thing that I felt really passionate about was making sure that we had a lot more social opportunities. So many times our friends are left out of social opportunities. It’s easier not to bring them to a family party or to the grocery store. That made me really sad.

The good thing is our friends are in the public schools. I always say, “Make sure we expose our children and our families to people with special needs, because they’re pretty fabulous people! Just because they have a special need, they can accomplish what anybody else can accomplish. They just do it in different ways. We as an organization need to make sure that we get our friends into the community. Let’s take them to baseball games. Let’s go bowling at the Emagine Theatre. Let’s go to movies, and if something happens and someone screams while you’re at the library, who cares?! Deal with it! *laughs*

One of our programs here is Social Connections. It’s run by Ms. Sara and Jeannie, who are recreational therapists. They take our clients out into the community. We just recently had an ice skating show for our figure skating team.

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There are people who skate during open skate, before our figure skating team gets on the ice every week. I invited them to stay for the show, and a group of people did. The more that we do that, the more people will see how awesome our clients are. Because these are really inspirational people. It’s important. They’re part of our society.

We’ve also made a huge commitment to grow. We’re gifted a space by the First Presbyterian Church [in Oakland County], and we serve a large portion of our clients here. We also have a small footprint in Macomb County at St. Thomas More Community Presbyterian Church. Just because you can’t get to us, it’s not fair not to be able to provide these services. So, how are we going change that? Well, the only way is to go to people. We’re hoping in the next 2 years to expand our footprint into Wayne County.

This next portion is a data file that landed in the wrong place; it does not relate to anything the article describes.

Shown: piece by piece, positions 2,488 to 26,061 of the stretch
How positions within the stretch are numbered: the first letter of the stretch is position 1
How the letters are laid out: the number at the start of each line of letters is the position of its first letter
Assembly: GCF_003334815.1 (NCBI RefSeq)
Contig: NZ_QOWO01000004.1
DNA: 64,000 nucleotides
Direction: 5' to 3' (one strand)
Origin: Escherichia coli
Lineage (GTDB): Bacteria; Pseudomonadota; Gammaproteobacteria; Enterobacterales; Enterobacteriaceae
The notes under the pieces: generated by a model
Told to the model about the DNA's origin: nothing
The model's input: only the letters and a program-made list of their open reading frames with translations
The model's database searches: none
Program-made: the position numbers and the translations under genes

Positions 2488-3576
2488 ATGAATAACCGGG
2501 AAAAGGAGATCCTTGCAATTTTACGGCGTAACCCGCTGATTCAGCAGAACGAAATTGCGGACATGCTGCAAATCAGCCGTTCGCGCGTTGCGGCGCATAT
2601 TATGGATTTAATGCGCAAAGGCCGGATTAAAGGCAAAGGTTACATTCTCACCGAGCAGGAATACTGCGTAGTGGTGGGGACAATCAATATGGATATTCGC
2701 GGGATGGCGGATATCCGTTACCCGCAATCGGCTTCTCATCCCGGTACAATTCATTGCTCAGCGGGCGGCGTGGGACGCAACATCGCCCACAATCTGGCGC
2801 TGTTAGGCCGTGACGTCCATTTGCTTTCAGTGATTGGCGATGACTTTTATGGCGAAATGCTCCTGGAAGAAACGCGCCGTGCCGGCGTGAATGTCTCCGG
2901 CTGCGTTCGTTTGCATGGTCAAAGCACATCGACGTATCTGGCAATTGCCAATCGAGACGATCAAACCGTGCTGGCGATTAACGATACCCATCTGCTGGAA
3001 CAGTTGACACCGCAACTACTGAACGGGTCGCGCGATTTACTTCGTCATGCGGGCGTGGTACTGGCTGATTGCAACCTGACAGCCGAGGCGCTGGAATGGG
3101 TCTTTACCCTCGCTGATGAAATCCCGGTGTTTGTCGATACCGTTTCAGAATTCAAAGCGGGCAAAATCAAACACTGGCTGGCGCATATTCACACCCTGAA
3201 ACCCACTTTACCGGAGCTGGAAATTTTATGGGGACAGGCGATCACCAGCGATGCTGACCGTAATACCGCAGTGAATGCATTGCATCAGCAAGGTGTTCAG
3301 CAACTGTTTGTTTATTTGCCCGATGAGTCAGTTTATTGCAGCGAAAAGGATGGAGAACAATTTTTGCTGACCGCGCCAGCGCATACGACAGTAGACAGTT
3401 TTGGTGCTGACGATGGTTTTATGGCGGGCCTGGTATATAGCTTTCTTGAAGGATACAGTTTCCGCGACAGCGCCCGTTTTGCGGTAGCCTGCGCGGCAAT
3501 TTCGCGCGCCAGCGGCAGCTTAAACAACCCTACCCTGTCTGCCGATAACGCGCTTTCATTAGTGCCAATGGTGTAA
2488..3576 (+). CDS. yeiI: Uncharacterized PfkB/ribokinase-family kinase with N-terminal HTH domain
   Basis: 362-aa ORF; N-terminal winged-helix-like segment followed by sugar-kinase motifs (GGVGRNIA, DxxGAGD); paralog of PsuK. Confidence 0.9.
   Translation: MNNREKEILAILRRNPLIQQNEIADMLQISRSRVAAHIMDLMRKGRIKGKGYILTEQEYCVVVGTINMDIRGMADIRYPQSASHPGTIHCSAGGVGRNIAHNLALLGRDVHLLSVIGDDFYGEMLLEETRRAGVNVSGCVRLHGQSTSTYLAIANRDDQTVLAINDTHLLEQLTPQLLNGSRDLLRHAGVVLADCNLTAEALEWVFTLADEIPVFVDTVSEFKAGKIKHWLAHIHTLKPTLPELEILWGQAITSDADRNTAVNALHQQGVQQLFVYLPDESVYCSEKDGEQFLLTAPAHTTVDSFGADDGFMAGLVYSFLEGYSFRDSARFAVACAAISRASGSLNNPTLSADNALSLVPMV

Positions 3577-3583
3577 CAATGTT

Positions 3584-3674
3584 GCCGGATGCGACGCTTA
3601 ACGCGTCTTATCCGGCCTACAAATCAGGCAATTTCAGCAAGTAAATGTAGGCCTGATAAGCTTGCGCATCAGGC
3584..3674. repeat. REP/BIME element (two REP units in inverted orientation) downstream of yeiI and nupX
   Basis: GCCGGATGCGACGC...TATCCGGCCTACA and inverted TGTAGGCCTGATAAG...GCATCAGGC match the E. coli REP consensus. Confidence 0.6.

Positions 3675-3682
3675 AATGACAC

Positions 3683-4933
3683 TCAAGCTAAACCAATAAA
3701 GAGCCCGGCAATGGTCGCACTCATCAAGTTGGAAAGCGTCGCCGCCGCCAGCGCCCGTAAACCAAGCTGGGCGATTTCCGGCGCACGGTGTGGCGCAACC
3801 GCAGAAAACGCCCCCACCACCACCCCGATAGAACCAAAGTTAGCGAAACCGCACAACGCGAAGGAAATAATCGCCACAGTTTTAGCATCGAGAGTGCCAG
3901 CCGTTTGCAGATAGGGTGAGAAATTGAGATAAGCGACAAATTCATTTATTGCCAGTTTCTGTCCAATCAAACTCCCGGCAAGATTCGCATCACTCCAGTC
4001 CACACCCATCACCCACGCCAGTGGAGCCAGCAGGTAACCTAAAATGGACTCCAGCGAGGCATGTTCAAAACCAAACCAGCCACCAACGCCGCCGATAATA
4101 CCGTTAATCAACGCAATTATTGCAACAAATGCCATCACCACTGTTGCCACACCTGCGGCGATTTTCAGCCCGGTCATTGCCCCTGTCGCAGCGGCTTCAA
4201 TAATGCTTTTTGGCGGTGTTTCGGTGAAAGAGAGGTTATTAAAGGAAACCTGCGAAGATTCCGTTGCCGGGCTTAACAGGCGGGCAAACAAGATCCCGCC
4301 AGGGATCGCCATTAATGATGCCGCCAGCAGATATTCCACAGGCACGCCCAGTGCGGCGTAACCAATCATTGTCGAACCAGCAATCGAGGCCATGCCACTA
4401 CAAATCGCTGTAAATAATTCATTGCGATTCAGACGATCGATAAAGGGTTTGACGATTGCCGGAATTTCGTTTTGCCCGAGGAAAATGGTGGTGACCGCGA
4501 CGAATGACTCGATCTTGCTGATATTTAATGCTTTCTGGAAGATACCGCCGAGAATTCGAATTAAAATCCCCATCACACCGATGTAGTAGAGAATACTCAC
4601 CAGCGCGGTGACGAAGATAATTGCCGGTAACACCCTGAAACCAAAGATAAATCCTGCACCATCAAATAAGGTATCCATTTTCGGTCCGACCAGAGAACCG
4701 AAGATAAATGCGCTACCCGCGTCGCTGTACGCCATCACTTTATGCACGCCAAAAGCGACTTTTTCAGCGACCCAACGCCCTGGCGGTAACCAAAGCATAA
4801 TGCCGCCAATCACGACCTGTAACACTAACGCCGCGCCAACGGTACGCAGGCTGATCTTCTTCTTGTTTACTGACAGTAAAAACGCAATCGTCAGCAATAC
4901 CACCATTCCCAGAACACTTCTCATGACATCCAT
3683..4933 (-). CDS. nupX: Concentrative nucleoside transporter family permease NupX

Something that’s really unique is we work directly with the school systems. We’re in 8 school systems providing therapy in the public schools to their special needs students. It’s a really nice thing, because most of our clients can’t come here until after 3 or 4 o’clock. My therapists would sit here all day. By being in the schools, it gives them some daytime hours.

Of course, there is also the issue of raising the funds necessary to keep the organization moving forward. Pamela believes that part of that is continuing to raise awareness that FAR does indeed exist. The other part goes back to the idea of helping FAR’s Friends become more involved in the community. The more people who become aware of the fact that individuals with a diagnosis have talent and potential, deserve the opportunity to grow and can contribute to the world in a truly meaningful way, the greater the number of funding opportunities there will be.

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So…again

I believe that every person with a special needs diagnosis has the potential and ability to live a fulfilled life.

I believe that every person with a special needs diagnosis deserves love and friendship.

I believe that every person with a special needs diagnosis is an important part of our society and can contribute in ways that are beyond anyone’s imagination.

I believe that with the right individualized support, communication and guidance, every person with a special needs diagnosis can overcome whatever barriers stand in his or her way.

I believe that we have a lot to learn from people with special needs.

What do you believe?

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To learn more about FAR and how you can donate to this awesome organization, visit their website www.far-therapy.org. Also, stay up to date on all the events and happenings at FAR on their Facebook.